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Frank McCoy

Volunteer Voice

Frank McCoy
CASA Volunteer
CASA Kane County
Geneva, IL

My wife Cathy has been a CASA volunteer since 2000. I saw how worthwhile she found her advocacy work, and we thought it would be rewarding to do something together. So I started as a volunteer about five years ago. We have separate cases, but we’re able to attend trainings and various meetings together.

In most of the cases we’ve been involved in, the children move from foster home to foster home, from social worker to social worker. And the CASA volunteer is the only constant in their lives. What keeps us going is that we can offer some stability and a positive influence.

Cathy and I have also witnessed the power of advocacy from the other side of the fence. We’ve been foster parents, and we’ve seen how hard CASA volunteers work for what the kids need.

In 2005, I had the privilege of being assigned to the case of a 12-year-old boy named Ryan. Ryan had been in the system since he was 4. He had been placed in various foster homes in Illinois, a relative home in Oklahoma, then back to Illinois after the relative placement failed.

When I met Ryan, he had just been moved into a home with a single foster mom who was caring for two other teenage boys. Ryan was not doing well in the home and not even attempting to succeed in school—he was getting all Fs. When I talked with him, he said he was done trying. He was going to sit there until he was 18 and then start his life again when he was on his own.

My first inclination was to get Ryan into a new environment. And then reality hit me like a two-by-four—where are you going to place an almost-teenage boy with an overwhelmingly negative attitude? Ryan was very fortunate to have a foster mother who loved him and believed in him as well as a caseworker who was willing to make tough decisions. But the foster mom was overwhelmed with the three boys. And while the caseworker was willing to keep moving Ryan, there were no available homes willing to take in a frustrated boy his age.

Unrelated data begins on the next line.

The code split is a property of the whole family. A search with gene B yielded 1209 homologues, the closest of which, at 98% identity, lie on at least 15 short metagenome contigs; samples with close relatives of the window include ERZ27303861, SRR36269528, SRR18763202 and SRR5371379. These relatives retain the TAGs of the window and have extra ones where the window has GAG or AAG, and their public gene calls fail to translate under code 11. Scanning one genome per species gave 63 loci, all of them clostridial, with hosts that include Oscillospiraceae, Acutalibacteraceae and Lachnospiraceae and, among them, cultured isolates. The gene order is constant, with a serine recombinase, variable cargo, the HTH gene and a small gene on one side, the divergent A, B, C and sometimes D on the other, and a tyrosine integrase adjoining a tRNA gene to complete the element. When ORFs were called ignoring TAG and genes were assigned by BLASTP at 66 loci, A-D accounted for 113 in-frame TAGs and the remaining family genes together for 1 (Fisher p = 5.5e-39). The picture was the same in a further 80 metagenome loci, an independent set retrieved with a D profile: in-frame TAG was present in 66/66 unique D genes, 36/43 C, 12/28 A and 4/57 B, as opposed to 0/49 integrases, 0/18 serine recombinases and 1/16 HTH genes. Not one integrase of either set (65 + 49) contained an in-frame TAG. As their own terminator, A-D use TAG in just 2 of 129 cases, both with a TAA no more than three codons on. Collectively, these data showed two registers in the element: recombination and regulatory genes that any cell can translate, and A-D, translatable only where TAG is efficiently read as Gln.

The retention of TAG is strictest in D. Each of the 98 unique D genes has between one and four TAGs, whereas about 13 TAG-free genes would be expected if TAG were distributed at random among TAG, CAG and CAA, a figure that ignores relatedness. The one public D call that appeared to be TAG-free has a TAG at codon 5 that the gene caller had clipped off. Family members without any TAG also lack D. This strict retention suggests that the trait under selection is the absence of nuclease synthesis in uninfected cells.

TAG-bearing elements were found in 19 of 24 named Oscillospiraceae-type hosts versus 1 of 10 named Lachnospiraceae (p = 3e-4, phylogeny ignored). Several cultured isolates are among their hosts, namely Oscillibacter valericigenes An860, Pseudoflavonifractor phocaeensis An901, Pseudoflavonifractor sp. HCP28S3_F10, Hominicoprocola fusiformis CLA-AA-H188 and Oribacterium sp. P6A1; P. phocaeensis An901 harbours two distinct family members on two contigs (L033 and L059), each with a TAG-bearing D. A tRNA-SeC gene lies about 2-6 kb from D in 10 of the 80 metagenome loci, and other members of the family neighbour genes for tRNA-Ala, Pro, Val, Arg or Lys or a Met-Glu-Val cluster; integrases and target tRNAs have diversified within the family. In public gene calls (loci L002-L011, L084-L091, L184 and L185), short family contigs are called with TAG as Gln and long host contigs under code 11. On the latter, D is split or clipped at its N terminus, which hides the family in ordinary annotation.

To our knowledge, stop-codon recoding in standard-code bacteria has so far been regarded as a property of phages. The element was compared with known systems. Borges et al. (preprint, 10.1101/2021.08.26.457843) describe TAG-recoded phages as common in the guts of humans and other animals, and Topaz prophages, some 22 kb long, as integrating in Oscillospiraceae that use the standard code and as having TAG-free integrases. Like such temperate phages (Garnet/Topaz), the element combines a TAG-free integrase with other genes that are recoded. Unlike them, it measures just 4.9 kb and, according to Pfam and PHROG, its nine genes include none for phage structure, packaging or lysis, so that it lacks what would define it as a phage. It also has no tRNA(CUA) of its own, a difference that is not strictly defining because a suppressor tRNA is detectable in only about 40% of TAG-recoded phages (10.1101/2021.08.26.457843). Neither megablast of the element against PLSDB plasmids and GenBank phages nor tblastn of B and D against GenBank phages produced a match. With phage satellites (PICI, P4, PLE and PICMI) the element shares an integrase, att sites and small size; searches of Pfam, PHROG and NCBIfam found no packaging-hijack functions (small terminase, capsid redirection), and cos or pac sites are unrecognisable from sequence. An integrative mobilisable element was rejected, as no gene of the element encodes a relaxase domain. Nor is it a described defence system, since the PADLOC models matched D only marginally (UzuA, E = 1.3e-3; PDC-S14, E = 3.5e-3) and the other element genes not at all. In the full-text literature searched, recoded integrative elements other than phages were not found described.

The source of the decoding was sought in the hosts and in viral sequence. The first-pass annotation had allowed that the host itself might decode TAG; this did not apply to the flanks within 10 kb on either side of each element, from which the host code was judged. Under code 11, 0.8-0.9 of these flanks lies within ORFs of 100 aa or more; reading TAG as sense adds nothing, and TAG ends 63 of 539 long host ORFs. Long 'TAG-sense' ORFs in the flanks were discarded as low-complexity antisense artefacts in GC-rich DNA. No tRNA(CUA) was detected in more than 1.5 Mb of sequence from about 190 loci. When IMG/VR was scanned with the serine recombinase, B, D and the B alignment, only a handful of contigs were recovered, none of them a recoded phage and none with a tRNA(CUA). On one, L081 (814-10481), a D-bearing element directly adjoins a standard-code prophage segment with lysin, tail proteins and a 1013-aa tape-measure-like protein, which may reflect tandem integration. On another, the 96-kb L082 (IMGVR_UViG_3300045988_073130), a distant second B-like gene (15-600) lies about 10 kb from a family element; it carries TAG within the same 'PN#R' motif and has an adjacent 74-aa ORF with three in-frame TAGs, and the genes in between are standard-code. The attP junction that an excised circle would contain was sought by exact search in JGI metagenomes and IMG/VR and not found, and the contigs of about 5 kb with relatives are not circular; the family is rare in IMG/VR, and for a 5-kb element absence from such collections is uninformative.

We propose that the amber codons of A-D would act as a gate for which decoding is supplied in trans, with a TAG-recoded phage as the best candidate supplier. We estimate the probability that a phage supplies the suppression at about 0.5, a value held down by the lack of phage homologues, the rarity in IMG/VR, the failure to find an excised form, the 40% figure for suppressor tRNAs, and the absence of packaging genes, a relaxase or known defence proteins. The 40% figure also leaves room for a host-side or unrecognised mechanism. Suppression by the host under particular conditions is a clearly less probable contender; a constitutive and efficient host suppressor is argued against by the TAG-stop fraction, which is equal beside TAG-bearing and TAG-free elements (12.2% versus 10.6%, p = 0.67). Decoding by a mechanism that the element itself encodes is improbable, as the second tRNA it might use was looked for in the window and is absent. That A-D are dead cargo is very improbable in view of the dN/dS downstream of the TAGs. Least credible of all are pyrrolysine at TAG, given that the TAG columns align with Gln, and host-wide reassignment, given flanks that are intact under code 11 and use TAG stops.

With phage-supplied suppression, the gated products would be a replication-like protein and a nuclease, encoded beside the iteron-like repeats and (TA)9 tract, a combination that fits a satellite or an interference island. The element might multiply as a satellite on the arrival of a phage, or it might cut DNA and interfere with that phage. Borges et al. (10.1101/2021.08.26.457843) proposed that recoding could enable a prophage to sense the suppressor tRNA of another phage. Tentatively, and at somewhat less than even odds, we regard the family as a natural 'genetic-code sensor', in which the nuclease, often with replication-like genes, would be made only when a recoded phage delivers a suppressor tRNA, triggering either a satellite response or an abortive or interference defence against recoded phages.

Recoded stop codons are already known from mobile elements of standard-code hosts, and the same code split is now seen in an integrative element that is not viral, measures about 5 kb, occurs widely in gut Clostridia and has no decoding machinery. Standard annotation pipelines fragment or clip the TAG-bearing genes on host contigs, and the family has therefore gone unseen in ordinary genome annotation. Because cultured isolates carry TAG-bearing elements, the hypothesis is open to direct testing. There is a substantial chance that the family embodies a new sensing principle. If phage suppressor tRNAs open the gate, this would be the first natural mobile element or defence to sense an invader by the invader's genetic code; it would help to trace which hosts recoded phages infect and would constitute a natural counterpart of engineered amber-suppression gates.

A positive development was that one of the other foster siblings—the one causing most of the trouble—was relocated to another home. Around the same time, Ryan became more attached to his foster mother’s fiancé, who owned a farm with animals. The boy started working on the farm. He burned up his excess energy baling hay and cleaning the barn. The animals became a source of pride for Ryan as he became really good at caring for them. He started to realize that people did love him and were proud of him, and the tide began to turn. He came out of his shell and started to try in school. Ryan made up two grade levels in one year and made the honor roll.

In the spring of 2008, Ryan was adopted by his foster mother and finally had what he had wanted all along—a family that loved him. When the judge asked Ryan if he wanted to change his name, his sense of humor kicked in and he said, “No, I am used to being called Ryan.”

With the persistent encouragement of representatives of the CASA program, everyone involved in Ryan’s care was able to stay focused on the boy. I worked with his caseworker to get him into special classes at school. But what seemed to help him most were our kitchen table chats. I was able to get Ryan to talk and listened carefully to his concerns. The entire team was then able to communicate and bring Ryan back from a desperate situation. The key was never giving up.

In weak moments, we volunteers may feel we are owed gratitude by the children—that they should be glad to have someone to talk with them and explain things. But that’s forgetting that in their whole lives they may never have had anyone keep a promise. It helps to focus on the long-term results you’re going to influence. Over time, you’ll prove to the young person that you’re not going away until they’re in a permanent home. The highlight of my volunteer career was seeing that happen for Ryan.


The US Department of Justice has supported CASA advocacy since 1985 through its Office of Juvenile Justice and Delinquency Prevention.
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